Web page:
It is somewhat of a chicken and egg argument. Does no trade schools help nudge people to the military? Or does the military help reduce the need for trade schools? My line buddy didn't go as far to say the word "conspiracy" but he did imply it was mostly the former and that the military and powers-that-be had an interest in there being fewer trade schools to help shunt people towards military service. It's an interesting idea. What say ye, my three readers?

Wednesday, April 06, 2011

airline logistics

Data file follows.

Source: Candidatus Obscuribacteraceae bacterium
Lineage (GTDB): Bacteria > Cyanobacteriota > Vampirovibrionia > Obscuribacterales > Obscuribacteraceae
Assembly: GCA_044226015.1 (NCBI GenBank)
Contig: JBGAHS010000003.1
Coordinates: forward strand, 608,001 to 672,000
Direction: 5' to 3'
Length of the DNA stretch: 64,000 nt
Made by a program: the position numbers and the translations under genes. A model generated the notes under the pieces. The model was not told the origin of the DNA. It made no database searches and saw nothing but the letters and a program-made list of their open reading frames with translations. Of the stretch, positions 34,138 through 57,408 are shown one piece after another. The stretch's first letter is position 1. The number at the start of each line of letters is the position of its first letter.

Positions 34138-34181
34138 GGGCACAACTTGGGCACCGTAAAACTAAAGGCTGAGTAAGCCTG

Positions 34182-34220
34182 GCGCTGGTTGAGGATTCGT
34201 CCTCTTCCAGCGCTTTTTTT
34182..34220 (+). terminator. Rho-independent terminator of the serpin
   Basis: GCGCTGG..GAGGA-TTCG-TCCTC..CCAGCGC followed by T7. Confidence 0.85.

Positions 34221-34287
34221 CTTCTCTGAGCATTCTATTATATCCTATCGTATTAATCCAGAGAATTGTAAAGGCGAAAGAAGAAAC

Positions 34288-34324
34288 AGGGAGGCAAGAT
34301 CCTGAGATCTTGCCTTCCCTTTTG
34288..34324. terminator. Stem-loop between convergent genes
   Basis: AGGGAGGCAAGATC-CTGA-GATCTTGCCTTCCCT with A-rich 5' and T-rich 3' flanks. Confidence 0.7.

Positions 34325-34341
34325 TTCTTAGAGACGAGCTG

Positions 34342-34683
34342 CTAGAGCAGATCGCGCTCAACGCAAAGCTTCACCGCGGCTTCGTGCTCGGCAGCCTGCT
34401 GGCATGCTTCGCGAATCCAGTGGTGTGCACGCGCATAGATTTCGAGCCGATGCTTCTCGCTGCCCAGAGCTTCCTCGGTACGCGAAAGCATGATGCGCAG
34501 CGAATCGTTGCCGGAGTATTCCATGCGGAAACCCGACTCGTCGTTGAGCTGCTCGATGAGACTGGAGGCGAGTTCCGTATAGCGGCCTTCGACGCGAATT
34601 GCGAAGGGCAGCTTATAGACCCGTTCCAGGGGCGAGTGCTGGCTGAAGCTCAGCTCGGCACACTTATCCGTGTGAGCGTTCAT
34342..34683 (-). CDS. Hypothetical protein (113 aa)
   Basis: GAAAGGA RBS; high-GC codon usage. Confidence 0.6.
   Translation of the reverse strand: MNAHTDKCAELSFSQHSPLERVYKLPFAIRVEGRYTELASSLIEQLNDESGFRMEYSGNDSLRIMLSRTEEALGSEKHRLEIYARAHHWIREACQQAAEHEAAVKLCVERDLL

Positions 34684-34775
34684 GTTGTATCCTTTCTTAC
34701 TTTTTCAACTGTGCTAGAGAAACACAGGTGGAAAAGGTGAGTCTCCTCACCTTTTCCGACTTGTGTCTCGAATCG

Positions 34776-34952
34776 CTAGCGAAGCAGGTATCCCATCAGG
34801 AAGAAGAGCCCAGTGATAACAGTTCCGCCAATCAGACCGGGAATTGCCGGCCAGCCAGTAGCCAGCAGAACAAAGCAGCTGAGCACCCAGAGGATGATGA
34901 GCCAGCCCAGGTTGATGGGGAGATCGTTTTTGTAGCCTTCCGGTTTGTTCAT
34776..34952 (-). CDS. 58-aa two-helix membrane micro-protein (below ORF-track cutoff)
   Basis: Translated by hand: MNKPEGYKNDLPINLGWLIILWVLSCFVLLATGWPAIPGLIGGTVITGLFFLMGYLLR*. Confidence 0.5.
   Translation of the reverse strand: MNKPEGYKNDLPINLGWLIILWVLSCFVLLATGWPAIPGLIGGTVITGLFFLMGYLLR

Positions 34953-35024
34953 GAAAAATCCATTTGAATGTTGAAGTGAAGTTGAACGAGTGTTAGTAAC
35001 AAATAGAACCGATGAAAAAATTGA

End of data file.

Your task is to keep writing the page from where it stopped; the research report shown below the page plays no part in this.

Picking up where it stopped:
With my flight from Paris to San Francisco postponed until tomorrow to fix a mechanical problem, I have been pondering the logistical problems that such a delay creates. The scheduled departure was 1040, but we didn't board until nearly noon and finally deplaned around 1400. During that time, I can only assume the machinery for handling the potential (which came to be actual) need to rebook or otherwise accommodate passengers is put into motion early on. When there is a delay and the potential for a serious problem, I imagine hotels that airlines have on some sort of contingency are notified and contacted to see how many rooms are available. After all, it's not like the airport Hilton is going to have 400 empty rooms. (It's also possible only us superior mileage status uber-humans get to stay in the Hilton while the proletariat stay elsewhere).